Harms: I like the IMAP route. 

Some people may prefer written but I like IMAP route for this kind of review and goal planning because it’s easy to refer back to. even if you have a couple of months where you maybe don’t look at it, it exists on your computer, easy to access, and on a phone, et cetera. From a practical sense, it starts to work quite well.

Dr Ro: If I’m honest, if it were me sitting down with somebody doing this we would do it pretty much all on mind mapping, we’d start with review in the middle and then we have the goals that were set for the year as a separate branch for each of the mind maps. 

Then it becomes really simple because then you go off that and you have your wins and you maybe not wins or losses. But the positive or negative. The constructive and the deconstructive, but you have these branches and you add to the branches. Then you have another mind map that says to establish improvements in time, money management people and of course you quickly wing off different elements to it. 

The two mind maps can work parallel to each other.

Harms: Once they’ve established improvements are there any more stages within the E category establish improvements or do we get to move on to S?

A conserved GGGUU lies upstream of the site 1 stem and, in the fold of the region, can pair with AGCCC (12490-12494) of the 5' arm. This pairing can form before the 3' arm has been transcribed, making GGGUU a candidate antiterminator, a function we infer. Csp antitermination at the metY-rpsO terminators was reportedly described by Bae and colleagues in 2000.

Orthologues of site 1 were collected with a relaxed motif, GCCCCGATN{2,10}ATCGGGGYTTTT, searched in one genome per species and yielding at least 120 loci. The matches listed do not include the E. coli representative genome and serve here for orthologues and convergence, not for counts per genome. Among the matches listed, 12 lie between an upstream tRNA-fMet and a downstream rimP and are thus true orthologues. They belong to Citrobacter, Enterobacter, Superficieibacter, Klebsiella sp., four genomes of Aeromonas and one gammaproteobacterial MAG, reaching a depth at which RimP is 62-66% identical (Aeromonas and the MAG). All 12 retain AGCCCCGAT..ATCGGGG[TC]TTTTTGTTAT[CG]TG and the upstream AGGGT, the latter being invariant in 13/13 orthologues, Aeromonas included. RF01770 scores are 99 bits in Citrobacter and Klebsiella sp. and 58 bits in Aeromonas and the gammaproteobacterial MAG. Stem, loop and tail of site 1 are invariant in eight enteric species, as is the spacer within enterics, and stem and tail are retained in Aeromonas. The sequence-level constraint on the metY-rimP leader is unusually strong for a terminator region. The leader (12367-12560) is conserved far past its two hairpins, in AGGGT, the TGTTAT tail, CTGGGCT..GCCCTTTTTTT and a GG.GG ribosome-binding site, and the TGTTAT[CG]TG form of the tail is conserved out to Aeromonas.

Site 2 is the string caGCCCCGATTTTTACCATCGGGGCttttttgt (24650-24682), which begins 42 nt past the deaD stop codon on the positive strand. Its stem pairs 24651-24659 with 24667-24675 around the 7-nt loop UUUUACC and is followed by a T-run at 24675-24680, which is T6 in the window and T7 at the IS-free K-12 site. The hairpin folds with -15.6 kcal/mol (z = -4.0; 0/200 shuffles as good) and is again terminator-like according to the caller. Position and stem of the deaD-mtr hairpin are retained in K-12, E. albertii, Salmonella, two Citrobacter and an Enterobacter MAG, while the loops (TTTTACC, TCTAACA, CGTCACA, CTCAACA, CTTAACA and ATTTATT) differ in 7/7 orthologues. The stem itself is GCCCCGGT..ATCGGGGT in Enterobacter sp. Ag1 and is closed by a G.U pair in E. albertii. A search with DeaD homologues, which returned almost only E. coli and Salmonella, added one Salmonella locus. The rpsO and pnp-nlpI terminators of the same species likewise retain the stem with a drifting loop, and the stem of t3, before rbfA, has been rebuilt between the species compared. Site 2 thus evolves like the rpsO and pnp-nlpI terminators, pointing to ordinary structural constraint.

Dr Ro: Not really this stage is just literally defining what improvements need to be. You don’t need to go too deep at this stage. There is a big learning process sometimes it’s so freaking obvious having reviewed somebody you go to, actually I need to do this differently next time. 

This isn’t so much about detail that has to come in the integration process further down the line. For now it’s just being really clear, otherwise we get caught in this and this is where although reset act is a nice simple acronym we can easily get stuck in the mud in one of these. I want people to go. 

I need to change that, improve that, and how that gets done is facilitated later down the line.

Harms: That’s the key question I wanted to ask.